8. The injector of claim 7, wherein the braking mechanism comprises a braking finger associated with the trigger that is configured to press against an O-ring surrounding the push rod and apply friction thereto.
9. The injector of claim 7, wherein the push rod has a proximal plunger head with a recess, and the latch comprises an inwardly-directed finger on a lever arm mounted on one side of the housing, the trigger being provided on a distal end of the lever arm and the lever arm having a fulcrum in between the trigger and inwardly-directed finger so that inward movement of the trigger causes outward movement of the latch.
10. The injector of claim 9, wherein there are two identical lever arms opposite each other across the housing and two associated triggers that are squeezed to each release a latch to permit the biasing member to apply a distally-directed force to the push rod.
11. The injector of claim 10, wherein the braking mechanism comprises a braking finger associated with each trigger that is configured to press against an O-ring surrounding the push rod and apply friction thereto.
12. The injector of claim 7, wherein the housing further includes an IOL
folding mechanism that is configured to first elongate and then fold a dual optic IOL
when the actuator moves from the retracted position to the cocked position.
13. An injector for folding and delivering a dual optic intraocular lens (IOL) into the eye of a subject, comprising:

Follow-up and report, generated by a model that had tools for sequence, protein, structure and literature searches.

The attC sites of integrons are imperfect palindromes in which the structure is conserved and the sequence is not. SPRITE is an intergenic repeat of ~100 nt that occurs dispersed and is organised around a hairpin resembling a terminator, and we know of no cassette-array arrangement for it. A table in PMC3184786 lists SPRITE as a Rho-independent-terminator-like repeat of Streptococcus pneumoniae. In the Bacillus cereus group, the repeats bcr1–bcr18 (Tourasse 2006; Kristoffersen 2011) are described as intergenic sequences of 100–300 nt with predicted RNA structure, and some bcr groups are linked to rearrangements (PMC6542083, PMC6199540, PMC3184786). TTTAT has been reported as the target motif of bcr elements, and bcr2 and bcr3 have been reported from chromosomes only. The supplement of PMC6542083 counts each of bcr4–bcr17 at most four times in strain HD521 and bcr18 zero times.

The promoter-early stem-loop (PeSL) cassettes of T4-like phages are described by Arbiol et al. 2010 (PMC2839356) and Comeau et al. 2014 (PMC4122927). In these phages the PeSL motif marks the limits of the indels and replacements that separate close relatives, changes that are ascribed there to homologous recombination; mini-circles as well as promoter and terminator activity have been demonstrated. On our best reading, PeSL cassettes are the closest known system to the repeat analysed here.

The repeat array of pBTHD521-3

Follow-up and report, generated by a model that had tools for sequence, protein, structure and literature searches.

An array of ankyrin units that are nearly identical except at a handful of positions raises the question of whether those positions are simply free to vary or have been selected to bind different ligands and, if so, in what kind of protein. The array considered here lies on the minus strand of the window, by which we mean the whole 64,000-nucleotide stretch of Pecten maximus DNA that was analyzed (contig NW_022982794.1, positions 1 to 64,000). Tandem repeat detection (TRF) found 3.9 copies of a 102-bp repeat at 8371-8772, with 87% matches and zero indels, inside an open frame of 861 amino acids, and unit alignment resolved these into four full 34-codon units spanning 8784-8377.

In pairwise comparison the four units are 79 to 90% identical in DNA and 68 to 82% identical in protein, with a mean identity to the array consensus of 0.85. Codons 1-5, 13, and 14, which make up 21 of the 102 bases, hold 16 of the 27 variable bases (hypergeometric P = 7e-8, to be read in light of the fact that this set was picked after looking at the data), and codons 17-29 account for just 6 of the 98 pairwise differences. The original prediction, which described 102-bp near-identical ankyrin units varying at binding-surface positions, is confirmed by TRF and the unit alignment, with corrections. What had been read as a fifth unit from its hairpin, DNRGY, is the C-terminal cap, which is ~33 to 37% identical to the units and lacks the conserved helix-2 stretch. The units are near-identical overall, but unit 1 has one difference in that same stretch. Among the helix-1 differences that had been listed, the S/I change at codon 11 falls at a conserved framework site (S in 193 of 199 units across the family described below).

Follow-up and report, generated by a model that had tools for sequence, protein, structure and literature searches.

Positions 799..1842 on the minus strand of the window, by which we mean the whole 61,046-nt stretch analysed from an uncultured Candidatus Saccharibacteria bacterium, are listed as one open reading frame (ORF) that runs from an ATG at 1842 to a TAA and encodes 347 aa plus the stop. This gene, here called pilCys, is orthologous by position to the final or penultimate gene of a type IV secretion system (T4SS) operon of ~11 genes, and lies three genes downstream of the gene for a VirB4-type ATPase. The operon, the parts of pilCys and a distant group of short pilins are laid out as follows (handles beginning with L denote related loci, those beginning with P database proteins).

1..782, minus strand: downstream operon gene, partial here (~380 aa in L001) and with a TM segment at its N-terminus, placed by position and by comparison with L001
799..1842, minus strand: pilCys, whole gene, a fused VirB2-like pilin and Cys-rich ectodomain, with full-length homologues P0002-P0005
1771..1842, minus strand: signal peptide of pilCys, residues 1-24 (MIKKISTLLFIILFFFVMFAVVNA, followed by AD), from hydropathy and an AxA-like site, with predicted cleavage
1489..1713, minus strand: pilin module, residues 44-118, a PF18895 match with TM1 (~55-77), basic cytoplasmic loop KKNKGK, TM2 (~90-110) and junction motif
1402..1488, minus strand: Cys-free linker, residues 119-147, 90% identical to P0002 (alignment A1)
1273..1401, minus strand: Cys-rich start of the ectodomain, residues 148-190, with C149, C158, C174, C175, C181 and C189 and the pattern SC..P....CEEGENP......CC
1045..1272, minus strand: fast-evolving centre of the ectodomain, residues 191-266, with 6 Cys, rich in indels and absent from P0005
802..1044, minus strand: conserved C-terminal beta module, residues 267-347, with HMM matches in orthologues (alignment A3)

dual optic IOL having two optics spaced axially from one another and connected by flexible haptics;
a housing;
a load chamber within the housing for holding the dual optic IOL;
a delivery tube in communication with the load chamber and terminating at a distal tip;

a push rod within the housing and movable through the load chamber for urging the dual optic IOL in a distal direction from the load chamber, through the delivery tube and out of the distal tip in a delivery procedure;
a cocking mechanism within the housing having an actuator that, when depressed, simultaneously elongates and folds the dual optic IOL and compresses a drive spring that engages a proximal end of the push rod; and a latch that maintains the push rod in a proximal position against the force of the drive spring and a trigger that releases the latch to permit the drive spring to apply a distally-directed force to the push rod.